Good luck. These decisions are really hard.
post #6 of 40
Thread Starter 
Quote:
Originally Posted by Storm Bride View Post


I'm afraid I have no advice for you. I can't relate at all to liking the planned nature of scheduled c-section (it creeps me out) and I hate the drugs. So, obviously, I'm coming at things from a different perspective. FWIW, I'd happily trade my 48+ hour labour for 15 minutes of c-section recovery...don't know if that helps on the worrying about labour front.

Good luck. These decisions are really hard.
I WISH it were only a 15 minute recovery! LOL Took me about 1-1 1/2 hrs for the numbness to go away and then after the morph wore off I was on a constant round of Tylenol and Ibuproferin for 2-3 weeks and LOTS of pain and discomfort....oh! and the "you have to get up and walk" within X time (OUCH!). Did you know everything is connected to you abdomen?? Even your leg hairs?? lol And then it took me about 6 weeks or so to recover so that I could function half-way normal and independently.

That's part of my wanting to VBA2C........shorter, easier recovery.
post #7 of 40
Quote:
Originally Posted by whiteisle View Post
I WISH it were only a 15 minute recovery!
I know the feeling! I hear about how some women have "easy" c/s recoveries but NOT ME!!! I was in PAIN for months afterwards! Not to mention my back ached at the site where they placed the epi for almost a year after later.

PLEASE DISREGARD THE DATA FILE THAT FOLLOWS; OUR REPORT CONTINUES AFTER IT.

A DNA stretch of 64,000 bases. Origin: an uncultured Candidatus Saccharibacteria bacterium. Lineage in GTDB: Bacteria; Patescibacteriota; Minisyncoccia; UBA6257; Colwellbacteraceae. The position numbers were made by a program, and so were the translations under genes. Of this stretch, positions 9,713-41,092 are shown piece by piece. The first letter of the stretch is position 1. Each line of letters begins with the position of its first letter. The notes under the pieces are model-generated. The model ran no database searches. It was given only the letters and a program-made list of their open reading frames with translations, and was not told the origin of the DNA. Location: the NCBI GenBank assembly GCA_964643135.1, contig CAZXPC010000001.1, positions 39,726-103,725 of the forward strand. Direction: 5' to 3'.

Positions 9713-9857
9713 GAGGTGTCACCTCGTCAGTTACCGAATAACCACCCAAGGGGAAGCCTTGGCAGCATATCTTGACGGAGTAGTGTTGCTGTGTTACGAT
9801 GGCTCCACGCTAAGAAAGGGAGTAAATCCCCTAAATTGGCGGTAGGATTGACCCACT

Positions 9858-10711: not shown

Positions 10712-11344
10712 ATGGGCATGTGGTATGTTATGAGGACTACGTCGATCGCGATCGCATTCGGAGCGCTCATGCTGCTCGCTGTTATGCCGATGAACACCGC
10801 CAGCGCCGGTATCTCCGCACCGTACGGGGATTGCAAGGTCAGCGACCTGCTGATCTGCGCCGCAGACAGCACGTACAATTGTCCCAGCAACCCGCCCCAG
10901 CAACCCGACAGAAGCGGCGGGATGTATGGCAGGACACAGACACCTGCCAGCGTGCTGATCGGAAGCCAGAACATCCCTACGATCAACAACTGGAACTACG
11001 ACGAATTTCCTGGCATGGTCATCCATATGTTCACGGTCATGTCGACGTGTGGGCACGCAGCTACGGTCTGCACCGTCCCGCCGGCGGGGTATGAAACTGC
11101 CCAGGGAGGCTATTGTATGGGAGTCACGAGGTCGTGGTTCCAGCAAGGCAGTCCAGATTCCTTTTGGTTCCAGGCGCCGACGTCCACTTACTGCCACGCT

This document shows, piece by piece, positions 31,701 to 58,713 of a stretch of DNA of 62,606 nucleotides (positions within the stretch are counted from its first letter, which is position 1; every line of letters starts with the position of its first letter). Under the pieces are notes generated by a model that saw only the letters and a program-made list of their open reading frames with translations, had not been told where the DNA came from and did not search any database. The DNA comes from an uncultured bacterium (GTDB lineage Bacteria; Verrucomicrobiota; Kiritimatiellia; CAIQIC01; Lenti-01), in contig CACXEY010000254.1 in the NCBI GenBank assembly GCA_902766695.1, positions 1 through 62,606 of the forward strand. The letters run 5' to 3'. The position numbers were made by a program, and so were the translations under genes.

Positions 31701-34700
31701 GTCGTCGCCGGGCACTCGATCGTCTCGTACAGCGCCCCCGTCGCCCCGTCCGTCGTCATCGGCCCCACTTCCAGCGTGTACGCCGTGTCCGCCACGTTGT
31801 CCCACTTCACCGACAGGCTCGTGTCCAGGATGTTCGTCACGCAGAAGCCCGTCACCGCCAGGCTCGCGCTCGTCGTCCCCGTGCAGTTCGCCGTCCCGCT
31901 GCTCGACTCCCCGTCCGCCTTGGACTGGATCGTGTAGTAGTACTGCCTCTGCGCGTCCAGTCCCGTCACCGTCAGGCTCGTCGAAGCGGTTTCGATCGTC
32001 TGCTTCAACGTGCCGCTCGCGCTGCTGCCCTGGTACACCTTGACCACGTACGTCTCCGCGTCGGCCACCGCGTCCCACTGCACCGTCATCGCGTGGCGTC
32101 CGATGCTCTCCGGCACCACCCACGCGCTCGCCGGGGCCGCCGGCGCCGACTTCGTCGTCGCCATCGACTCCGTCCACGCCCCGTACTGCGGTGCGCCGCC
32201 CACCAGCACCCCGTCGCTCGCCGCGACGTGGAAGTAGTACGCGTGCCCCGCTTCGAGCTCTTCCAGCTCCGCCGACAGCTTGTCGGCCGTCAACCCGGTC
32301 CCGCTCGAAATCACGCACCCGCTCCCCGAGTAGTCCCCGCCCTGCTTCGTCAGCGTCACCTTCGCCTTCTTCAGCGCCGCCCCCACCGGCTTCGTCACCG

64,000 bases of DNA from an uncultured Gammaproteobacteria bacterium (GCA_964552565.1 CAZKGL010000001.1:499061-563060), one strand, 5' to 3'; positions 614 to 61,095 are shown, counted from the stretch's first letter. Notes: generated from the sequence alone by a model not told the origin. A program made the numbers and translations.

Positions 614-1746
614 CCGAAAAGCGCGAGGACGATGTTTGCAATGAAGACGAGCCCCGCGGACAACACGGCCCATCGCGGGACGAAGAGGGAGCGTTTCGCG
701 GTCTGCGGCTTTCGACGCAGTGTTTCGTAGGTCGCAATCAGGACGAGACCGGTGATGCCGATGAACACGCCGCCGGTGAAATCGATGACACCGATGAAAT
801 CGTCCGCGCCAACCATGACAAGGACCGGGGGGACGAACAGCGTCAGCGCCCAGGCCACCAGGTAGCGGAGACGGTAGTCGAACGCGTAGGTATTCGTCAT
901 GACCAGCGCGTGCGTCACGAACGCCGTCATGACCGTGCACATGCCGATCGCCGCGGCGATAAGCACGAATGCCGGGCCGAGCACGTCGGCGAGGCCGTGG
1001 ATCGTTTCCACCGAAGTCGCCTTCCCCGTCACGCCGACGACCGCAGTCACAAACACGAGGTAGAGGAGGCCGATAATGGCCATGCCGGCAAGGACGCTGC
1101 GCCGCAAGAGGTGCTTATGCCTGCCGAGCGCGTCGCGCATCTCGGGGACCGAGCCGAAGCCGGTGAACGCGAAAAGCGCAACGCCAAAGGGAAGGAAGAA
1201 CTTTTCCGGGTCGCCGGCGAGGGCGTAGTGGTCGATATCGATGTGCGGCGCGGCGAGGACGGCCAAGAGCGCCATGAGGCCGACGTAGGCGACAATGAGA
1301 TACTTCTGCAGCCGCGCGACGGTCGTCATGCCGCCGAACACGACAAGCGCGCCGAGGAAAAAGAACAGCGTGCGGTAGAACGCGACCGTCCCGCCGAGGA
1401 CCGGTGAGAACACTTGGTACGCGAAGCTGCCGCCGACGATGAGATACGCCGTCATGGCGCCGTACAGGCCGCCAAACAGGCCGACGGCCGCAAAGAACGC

You couldn't drag me to an elective c/s, unless I had 4 or more c/s.
post #8 of 40
I personally would totally go for it!!!!

I had an easy c/s recovery. So easy that we drove 14 hours when my DS was 12 days old and I was standing in a wedding when he was 16 days old. No biggy.

BUT, my VBAC, man, that was nice. I did have an episiotomy, so that part was the only reason I even felt like I had a baby. Otherwise, seriously, my body felt great! And even the episiotomy was no biggy very soon. It bothered me at about 1 week, only because I was having trouble going potty...so once i went to the bathroom, my episiotomy basically felt like it didn't exist either. So my VBAC recovery was a breeze, even compared to my easy c/s recovery.

But on top of that, having a toddler and not having to worry about a c/s, that was nice!

I was nervously excited about labor as well. Granted, I did have a labor with DS, but it was induced. So, I was nervously excited about when it would happen and if it would happen..it did and it was great. Very exciting to know that my body did it's thing! And I decided early on that even if I went through hours and hours of labor and hours of pushing (like I did with DS) and still ended up with a c/s, I knew I tried. That was my thing, I didn't want to sign up for the repeat c/s and always wonder what if...if I tried and still had a c/s, at least I wouldn't wonder because I tried.